“Post-Bellum–Pre-Harlem”:  African American Literature and Culture, 1877-1919, anthology of original essays co-edited with Barbara McCaskill (New York University Press, 2006).  Includes co-written introduction 1-14, and my essay, “Inventing a 'Negro Literature':  Race, Dialect, and Gender in the Early Work of Paul Laurence Dunbar, James Weldon Johnson, and Alice Dunbar-Nelson,” 162-178.


Dr. Mark Henderson

Assistant Professor of English

Office: Kenney Hall 70-329

Office Phone: 334-727-2337

Email: mhenderson@tuskegee.edu

Ph.D.  English (19th- and 20th-century American literature, psychoanalytic theory), Auburn University

M.A.  (English, Creative Writing), University of Louisiana at Monroe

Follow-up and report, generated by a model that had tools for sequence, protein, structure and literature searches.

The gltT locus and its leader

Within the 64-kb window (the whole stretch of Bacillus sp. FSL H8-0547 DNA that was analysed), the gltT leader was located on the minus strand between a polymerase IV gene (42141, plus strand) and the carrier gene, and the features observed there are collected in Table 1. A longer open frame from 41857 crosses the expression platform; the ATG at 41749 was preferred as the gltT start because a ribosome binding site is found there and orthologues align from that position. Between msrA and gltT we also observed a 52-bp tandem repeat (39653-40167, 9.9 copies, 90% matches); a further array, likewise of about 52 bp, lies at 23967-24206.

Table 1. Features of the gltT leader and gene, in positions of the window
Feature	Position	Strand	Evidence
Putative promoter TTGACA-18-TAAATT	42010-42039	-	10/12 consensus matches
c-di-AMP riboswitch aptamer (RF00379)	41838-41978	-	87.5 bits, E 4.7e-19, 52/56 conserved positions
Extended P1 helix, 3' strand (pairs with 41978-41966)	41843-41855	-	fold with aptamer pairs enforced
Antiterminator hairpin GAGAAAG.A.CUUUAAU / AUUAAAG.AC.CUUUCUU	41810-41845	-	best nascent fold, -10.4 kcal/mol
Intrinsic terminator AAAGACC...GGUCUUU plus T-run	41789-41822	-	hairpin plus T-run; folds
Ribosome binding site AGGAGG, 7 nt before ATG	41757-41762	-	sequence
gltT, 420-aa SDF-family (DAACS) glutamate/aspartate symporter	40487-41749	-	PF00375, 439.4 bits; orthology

B.A. (English), University of Louisiana at Monroe

Research areas:  American modernism, the American Gothic, American film

Representative Publications & Presentations

  • 2018, Fall. “Losing Your Faith for Seeing Too Much:  The Anti-Bible as Indictment of American Heroism in Gregory Widen’s The Prophecy.”  Chapter in Terrifying Texts.  McFarland & Company Press.
  • 2017, Spring. “God’s Bloody Hand:  The Horrible Ambiguity of Religious Murder in Paxton’s Frailty.”  Chapter in Divine Horror.  McFarland & Company Press.
  • 2016, Fall. “Denial and Dominance in the Semantics of Buffalo Bill in The Silence of the Lambs.”  Chapter in Critical Essays for the 25th Anniversary of The Silence of the Lambs. Salem/Greyhouse Press.